I am stuck trying to determine the phase response of a high pass filter. I was able to find the transfer function for the high pass filter and the magnitude but I am stuck finding the phase. I found the transfer function of a high pass filter as $$\frac{V_{out}(j\omega)}{V_{in}(j\omega)}=\frac{j\omega}{j\omega+\frac{1}{RC}}$$

and I calculated the magnitude of the high pass filter as


I found online that the phase response of a high pass filter is $$\frac{\pi}{2}-tan^{-1}(\omega RC)$$ But i cannot figure out how the derivation got there. I would really like to understand their logic. Thank you for anyone who can teach me the rest of this derivation


1 Answer 1


The phase response is just the argument of the transfer function (just as the magnitude response is the absolute value).

The argument of a quotient is the argument of the numerator minus the argument of the denominator, i.e.,

$$ \phi = \operatorname{arg} \frac{j\omega}{j\omega+\frac{1}{RC}} = \operatorname{arg}(j\omega) - \operatorname{arg}(j\omega+\frac{1}{RC}) = \frac{\pi}{2} - \operatorname{atan2}(\omega, 1/RC ) $$ which is essentially just what you wrote.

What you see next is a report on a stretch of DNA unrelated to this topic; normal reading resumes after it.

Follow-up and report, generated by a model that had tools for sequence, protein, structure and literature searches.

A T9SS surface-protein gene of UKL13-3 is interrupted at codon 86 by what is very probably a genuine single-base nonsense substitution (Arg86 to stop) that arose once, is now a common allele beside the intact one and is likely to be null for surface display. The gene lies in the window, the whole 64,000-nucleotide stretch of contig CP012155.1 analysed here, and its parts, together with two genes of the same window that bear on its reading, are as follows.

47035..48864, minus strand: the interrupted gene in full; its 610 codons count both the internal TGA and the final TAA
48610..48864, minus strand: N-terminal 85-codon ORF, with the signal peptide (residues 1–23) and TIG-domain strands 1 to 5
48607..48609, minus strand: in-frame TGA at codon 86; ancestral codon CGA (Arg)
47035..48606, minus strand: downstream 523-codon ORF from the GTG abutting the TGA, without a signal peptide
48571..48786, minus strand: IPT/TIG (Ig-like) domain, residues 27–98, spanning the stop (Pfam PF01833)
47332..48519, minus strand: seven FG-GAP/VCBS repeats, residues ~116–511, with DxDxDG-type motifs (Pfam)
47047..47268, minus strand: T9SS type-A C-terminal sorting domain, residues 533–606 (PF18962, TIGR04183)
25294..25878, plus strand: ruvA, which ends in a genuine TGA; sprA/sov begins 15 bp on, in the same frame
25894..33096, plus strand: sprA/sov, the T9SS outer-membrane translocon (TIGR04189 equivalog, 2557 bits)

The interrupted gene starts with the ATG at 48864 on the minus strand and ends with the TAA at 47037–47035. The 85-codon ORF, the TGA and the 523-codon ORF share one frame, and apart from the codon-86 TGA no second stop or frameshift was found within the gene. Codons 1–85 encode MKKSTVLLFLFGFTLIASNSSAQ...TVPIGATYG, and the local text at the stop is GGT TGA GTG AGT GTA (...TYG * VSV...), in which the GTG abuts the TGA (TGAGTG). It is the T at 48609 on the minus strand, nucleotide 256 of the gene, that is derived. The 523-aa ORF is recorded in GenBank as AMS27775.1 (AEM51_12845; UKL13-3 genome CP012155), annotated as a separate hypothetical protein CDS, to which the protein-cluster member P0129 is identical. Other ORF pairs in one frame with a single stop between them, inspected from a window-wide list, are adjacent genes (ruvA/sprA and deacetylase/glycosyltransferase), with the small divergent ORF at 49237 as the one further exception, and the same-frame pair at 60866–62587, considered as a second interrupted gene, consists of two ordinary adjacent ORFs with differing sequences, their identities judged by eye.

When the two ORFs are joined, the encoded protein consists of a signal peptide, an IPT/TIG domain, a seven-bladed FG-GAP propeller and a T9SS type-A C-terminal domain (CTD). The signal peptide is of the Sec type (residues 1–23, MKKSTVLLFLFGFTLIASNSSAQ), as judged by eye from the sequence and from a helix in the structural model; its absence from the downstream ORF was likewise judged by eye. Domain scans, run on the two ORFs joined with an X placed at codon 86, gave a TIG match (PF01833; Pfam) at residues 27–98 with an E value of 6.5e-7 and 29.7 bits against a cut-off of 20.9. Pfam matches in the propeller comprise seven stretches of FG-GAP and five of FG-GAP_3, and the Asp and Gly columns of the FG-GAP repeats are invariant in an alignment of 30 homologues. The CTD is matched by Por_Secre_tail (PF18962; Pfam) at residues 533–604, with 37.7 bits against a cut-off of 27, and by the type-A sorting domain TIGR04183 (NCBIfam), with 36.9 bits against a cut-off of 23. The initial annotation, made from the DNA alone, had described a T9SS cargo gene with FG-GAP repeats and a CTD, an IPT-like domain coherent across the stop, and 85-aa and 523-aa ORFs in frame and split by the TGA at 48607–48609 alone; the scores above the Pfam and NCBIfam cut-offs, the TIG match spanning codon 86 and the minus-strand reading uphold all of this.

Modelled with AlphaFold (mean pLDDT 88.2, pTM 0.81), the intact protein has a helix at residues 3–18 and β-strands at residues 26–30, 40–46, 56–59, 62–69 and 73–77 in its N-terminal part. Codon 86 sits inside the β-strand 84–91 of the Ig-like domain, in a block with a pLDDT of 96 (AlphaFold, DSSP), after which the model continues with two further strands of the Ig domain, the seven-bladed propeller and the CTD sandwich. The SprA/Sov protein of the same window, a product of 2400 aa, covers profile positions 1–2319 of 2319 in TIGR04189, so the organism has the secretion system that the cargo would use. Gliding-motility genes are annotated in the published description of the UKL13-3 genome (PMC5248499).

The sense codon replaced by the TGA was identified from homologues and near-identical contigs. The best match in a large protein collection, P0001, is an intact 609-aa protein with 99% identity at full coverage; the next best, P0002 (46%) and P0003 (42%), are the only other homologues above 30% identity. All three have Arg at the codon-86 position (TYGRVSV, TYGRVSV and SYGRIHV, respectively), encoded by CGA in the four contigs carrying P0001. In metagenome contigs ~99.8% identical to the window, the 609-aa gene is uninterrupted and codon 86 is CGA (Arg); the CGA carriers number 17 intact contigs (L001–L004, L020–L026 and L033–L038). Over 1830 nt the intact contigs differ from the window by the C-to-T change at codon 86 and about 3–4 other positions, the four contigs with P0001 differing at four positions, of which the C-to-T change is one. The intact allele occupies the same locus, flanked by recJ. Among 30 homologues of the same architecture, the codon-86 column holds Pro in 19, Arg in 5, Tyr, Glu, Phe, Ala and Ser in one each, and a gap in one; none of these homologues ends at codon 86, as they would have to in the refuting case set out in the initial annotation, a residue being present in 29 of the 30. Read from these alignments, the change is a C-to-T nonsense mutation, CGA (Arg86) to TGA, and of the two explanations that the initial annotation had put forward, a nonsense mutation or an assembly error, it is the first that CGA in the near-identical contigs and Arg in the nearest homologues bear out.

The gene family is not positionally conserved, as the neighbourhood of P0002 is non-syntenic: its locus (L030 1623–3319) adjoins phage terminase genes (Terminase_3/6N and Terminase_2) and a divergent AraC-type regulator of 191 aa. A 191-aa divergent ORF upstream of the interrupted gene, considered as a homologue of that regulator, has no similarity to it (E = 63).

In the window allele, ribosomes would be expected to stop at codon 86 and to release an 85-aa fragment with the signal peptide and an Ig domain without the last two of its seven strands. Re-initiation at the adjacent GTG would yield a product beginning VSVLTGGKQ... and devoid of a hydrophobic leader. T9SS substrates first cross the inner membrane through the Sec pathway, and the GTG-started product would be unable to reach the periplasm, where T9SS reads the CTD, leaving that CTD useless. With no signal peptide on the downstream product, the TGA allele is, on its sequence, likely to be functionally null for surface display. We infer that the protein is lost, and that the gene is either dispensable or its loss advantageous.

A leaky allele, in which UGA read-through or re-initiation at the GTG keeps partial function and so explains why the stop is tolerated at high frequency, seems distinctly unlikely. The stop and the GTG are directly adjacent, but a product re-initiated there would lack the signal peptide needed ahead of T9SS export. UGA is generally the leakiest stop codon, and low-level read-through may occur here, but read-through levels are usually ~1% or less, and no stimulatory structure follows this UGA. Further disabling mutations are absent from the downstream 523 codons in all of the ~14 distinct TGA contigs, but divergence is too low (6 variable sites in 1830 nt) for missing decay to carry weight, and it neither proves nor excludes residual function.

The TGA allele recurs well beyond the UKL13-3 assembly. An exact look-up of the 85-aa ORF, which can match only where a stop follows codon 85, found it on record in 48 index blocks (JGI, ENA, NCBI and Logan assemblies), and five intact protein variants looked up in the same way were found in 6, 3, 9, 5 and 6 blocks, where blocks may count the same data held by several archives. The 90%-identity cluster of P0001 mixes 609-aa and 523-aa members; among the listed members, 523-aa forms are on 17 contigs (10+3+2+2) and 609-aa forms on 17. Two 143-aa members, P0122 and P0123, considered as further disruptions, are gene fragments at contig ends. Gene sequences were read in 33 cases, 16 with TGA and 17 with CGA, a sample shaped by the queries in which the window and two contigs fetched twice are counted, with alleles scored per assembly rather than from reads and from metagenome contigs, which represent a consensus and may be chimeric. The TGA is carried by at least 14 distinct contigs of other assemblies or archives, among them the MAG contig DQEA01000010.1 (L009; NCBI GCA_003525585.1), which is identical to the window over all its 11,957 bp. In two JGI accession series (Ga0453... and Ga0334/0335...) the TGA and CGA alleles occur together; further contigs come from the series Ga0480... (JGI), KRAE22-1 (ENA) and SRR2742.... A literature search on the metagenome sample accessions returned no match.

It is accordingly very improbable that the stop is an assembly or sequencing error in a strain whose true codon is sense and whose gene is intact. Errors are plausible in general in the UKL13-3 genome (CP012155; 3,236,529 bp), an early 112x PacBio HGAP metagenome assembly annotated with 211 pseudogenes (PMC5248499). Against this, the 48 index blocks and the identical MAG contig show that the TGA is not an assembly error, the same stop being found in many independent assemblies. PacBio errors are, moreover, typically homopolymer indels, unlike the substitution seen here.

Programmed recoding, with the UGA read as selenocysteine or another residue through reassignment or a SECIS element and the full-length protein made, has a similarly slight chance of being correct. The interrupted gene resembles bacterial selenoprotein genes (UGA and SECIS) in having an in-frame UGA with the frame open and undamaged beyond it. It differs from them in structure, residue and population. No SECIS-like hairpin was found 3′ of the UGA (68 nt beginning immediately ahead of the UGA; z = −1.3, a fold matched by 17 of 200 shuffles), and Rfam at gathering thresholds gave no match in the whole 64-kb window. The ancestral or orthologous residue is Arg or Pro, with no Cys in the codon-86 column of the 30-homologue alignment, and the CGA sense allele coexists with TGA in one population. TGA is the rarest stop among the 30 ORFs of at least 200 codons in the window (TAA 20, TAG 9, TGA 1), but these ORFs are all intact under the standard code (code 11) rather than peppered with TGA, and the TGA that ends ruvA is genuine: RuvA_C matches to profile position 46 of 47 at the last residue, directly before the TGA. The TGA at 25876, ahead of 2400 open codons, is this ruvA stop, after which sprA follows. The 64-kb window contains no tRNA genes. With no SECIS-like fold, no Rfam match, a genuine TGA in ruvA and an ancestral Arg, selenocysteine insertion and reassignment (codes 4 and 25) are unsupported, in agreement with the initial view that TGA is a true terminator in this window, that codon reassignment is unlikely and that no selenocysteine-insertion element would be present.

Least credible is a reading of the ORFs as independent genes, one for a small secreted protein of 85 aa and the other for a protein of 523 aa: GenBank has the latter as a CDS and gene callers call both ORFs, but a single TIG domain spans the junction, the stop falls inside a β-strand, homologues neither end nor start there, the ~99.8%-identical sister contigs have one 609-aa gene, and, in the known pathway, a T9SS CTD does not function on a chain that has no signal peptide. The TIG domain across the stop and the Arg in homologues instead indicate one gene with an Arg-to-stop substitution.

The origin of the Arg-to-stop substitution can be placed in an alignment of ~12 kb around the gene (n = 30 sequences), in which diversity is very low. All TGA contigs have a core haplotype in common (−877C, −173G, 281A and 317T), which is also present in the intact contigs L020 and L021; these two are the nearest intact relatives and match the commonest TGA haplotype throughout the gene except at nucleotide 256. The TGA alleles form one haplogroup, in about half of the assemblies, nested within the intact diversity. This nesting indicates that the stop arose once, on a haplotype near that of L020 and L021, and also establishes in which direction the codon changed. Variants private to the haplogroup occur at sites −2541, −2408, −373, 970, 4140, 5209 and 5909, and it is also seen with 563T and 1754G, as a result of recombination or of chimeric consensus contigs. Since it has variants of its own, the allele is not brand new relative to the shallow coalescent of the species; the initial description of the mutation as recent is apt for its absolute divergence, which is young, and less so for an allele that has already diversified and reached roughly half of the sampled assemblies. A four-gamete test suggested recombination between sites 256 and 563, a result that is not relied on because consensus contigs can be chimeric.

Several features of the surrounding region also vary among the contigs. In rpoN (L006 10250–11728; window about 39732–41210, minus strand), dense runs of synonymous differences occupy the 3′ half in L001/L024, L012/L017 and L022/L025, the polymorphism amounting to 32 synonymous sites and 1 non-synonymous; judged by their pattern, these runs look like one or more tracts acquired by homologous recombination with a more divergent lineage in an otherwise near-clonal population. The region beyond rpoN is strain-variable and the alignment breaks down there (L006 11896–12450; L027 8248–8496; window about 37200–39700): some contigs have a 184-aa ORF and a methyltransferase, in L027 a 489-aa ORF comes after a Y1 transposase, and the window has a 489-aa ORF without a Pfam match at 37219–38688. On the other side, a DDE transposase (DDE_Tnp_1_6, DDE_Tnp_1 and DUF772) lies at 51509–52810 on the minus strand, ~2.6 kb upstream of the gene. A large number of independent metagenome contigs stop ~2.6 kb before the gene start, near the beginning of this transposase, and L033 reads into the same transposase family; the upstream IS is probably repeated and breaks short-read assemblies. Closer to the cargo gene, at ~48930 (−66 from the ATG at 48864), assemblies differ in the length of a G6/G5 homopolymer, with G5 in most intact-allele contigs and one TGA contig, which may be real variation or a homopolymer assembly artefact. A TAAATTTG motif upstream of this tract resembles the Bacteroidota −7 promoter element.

Note that I did not write \$\operatorname{tan}^{-1}(y/x)\$ but \$\operatorname{atan2(y,x)}\$ because the former is only correct if \$x\$ is positive. It is incorrect when \$x\$ is zero or negative. In your case here, when \$\omega\$ is always positive that makes no difference, but I think it is good practice to use atan2.

  • \$\begingroup\$ Thank you for responding. How does $$arg(j\omega)$$ become $$\frac{\pi}{2}$$ and $$arg(j\omega+\frac{1}{RC})$$ become $$atan2(\omega,(1/RC))$$? I have never seen this notation before on this \$\endgroup\$ Commented Sep 5, 2013 at 3:04
  • \$\begingroup\$ Well, the argument is just the angle of the complex number in the complex plane. So \$jw\$ with positive \$w\$ has argument 90 degrees or \$\pi/2\$. For complex numbers with both real and imaginary part (\$x + jy\$) this is given by the arcustangent \$tan^{-1}(y/x)\$, when x is positive. In the general case one has to make slight adjustments and hence the atan2 function. The name is because it is named like this in many programming languages (see eg en.wikipedia.org/wiki/Atan2). See also en.wikipedia.org/wiki/Arg_%28mathematics%29 for general information. \$\endgroup\$
    – Andreas H.
    Commented Sep 5, 2013 at 3:13
  • \$\begingroup\$ Ahhh yes this is slowly coming back to me now. I remember learning this in my system dynamics and controls class as an undergrad but that was 3 years ago :/ I am a mechanical engineer so it's good to see the electrical engineering people help me out! \$\endgroup\$ Commented Sep 5, 2013 at 3:17
  • \$\begingroup\$ sure, no problem \$\endgroup\$
    – Andreas H.
    Commented Sep 5, 2013 at 3:37

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